Canonical founder Mark Shuttleworth has made no secret of his plans to make the popular Ubuntu Linux operating system more touchscreen-friendly. The company recently released a tool that makes it easy to install the operating system on the Google Nexus 7 tablet. And last year the company teased software that would let you run Ubuntu on an Android phone, using it like a desktop computer when you plug in a monitor.

Now there’s a countdown timer on the Ubuntu homepage with the message “so close you can almost touch it,” suggesting that a major touch announcement is coming on January 2nd, 2013.

Update: Canonical has introduced Ubuntu Phone OS, a new smartphone operating system which will launch on handsets in 2014. Early builds will be available for existing devices such as the Samsung Galaxy Nexus in the coming weeks.

Ubuntu countdown timer

It’s not clear exactly what the company will announce this week. Ubuntu 13.04 isn’t due out until April, and the next long-term-support version of Ubuntu comes a year after that.

But Shuttleworth has suggested that Ubuntu development in 2013 will be heavily focused on mobile devices including phones and tablets. Maybe Canonical will be announce a hardware partner for Ubuntu on Android soon, maybe there’ll be tools that make installing the operating system on tablets beside the Nexus 7 easier, or maybe there’s something entirely new to announced.

According to a job posting in April, Canonical was looking for people to work on something called “Ubuntu Phone OS,” which could just be another name for Ubuntu on Android. But maybe it’s a special version of Ubuntu designed to run on phones… because what the world needs now is clearly yet another smartphone operating system.


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9 replies on “Ubuntu is getting touchy feely (or at least touchscreen-friendly)”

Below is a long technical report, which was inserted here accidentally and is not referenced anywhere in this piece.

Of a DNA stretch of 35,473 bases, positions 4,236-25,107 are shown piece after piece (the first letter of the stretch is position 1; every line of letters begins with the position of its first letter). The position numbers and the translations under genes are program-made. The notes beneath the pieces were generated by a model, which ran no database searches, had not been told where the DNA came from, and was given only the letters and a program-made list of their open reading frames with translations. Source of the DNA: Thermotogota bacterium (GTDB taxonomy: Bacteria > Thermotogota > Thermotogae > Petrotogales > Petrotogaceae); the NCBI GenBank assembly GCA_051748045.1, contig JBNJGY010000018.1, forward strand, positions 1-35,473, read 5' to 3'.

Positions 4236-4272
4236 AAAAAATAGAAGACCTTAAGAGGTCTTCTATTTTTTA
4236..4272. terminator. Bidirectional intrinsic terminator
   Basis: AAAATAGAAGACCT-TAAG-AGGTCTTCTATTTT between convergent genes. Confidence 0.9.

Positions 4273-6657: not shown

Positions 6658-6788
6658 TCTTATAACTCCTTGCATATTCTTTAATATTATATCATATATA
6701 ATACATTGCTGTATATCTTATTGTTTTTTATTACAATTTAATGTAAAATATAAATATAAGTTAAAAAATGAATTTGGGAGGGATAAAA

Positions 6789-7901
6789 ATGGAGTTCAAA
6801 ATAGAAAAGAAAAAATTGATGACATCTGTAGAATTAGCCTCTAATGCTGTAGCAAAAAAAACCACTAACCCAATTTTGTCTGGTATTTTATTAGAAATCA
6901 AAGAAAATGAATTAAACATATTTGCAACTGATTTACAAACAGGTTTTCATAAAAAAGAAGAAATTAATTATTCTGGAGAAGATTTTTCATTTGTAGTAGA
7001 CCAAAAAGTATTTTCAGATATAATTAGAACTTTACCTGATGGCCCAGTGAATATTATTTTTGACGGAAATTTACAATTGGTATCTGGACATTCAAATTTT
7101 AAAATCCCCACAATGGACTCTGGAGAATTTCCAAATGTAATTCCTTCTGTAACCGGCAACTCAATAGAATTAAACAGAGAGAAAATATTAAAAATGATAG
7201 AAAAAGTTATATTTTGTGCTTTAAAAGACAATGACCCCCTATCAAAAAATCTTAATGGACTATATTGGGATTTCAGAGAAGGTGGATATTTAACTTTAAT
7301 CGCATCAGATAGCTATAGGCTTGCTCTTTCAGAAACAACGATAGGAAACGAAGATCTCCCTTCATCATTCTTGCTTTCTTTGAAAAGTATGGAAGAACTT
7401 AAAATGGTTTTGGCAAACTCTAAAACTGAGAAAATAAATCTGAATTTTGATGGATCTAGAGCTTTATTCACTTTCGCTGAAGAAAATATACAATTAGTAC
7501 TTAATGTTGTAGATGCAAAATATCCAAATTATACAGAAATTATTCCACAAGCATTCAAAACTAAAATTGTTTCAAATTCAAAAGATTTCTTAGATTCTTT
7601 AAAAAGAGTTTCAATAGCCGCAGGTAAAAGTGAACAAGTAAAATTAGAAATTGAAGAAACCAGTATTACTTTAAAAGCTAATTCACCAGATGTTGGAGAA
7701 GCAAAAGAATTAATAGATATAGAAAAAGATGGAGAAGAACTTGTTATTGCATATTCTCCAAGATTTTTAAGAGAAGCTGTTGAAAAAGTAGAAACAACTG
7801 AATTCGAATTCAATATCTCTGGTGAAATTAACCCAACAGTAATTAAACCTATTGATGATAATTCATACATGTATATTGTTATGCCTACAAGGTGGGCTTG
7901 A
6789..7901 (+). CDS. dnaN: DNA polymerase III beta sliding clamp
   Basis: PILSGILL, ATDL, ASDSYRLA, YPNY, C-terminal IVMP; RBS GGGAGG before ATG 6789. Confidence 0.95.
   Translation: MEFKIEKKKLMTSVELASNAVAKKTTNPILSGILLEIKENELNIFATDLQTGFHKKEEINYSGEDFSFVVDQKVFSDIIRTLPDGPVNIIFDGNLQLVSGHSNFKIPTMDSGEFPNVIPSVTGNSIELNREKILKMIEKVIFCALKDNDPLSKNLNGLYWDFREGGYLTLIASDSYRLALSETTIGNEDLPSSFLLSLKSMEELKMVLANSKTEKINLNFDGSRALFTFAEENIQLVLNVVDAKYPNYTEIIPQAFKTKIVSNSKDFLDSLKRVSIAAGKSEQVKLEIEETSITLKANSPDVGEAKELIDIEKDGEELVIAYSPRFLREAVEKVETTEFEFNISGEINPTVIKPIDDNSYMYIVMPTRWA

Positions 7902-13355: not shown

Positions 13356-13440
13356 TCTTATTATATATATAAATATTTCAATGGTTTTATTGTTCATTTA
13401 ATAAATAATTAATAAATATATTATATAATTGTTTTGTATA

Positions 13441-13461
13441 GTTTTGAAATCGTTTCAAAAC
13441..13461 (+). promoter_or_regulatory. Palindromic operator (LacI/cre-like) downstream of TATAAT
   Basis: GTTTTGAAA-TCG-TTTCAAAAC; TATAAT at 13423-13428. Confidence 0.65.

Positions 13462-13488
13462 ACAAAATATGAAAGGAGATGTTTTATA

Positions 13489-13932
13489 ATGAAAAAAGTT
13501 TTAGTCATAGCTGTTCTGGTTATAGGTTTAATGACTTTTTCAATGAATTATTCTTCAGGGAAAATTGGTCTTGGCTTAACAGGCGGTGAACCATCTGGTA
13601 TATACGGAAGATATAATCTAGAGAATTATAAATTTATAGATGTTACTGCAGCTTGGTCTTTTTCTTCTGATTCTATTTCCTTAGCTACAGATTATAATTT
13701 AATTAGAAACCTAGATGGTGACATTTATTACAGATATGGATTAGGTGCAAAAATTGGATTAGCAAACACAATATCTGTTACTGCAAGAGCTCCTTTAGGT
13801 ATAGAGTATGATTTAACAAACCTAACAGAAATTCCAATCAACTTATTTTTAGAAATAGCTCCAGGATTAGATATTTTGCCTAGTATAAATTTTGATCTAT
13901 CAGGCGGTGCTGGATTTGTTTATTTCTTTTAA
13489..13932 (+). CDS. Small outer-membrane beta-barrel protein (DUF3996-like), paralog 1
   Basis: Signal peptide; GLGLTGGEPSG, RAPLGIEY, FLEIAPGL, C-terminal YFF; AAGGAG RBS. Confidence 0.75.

1. This would be nice for running some productivity and anti-productivity (aka gaming) apps that are available for linux but don’t yet have mobile variants.

  2. I can’t imagine the average Linux user needing or even wanting touchscreens. Most geeks find them to be toys and Linux users (seemingly) prefer a more utilitarian interface. Mark seems a bit out of touch these days.

    1. It has been proven constantly and repeatedly over the years that Ubuntu’s target market is *not* the average Linux user.

      1. I think that depends on what you mean by “average Linux user.” If you mean “users of server distributions” or “users of enterprise desktop distributions”, then you’re correct that’s not their target market.

        But if you mean “users of non-enterprise desktop distributions”, then, er, have you looked at distrowatch in the past four years?

        1. Believing that all desktop distributions are the same is naive.
          Ubuntu fucks up every single release without fail. They do things that practically *nobody* likes – nearly always to appeal to a group of users who frankly don’t even exist.
          Everybody I know who whines about Ubuntu (and that’s most people who use it) are having their issues because Ubuntu gives zero fux about them as a user – because they’re not the target market.

          1. I’m not sure what the first sentence is in reference to. As for the rest, my point is that if you look at the distrowatch rankings, Ubuntu or an Ubuntu derivative (Mint) has held the top spot since 2006, and two of the top three spots since 2008. Well, until last week, that is. The whining and complaining that I’ve heard going on has to do with Unity, not the rest of Ubuntu. This even shows in the shifting popularity from Ubuntu to…Mint.

  3. An Ubuntu for Android device would be nice (although I have already bought an ARM ChromeBook and it works fairly well with Ubuntu)

  4. Another smartphone OS is required. I just don’t like any of the current 3!

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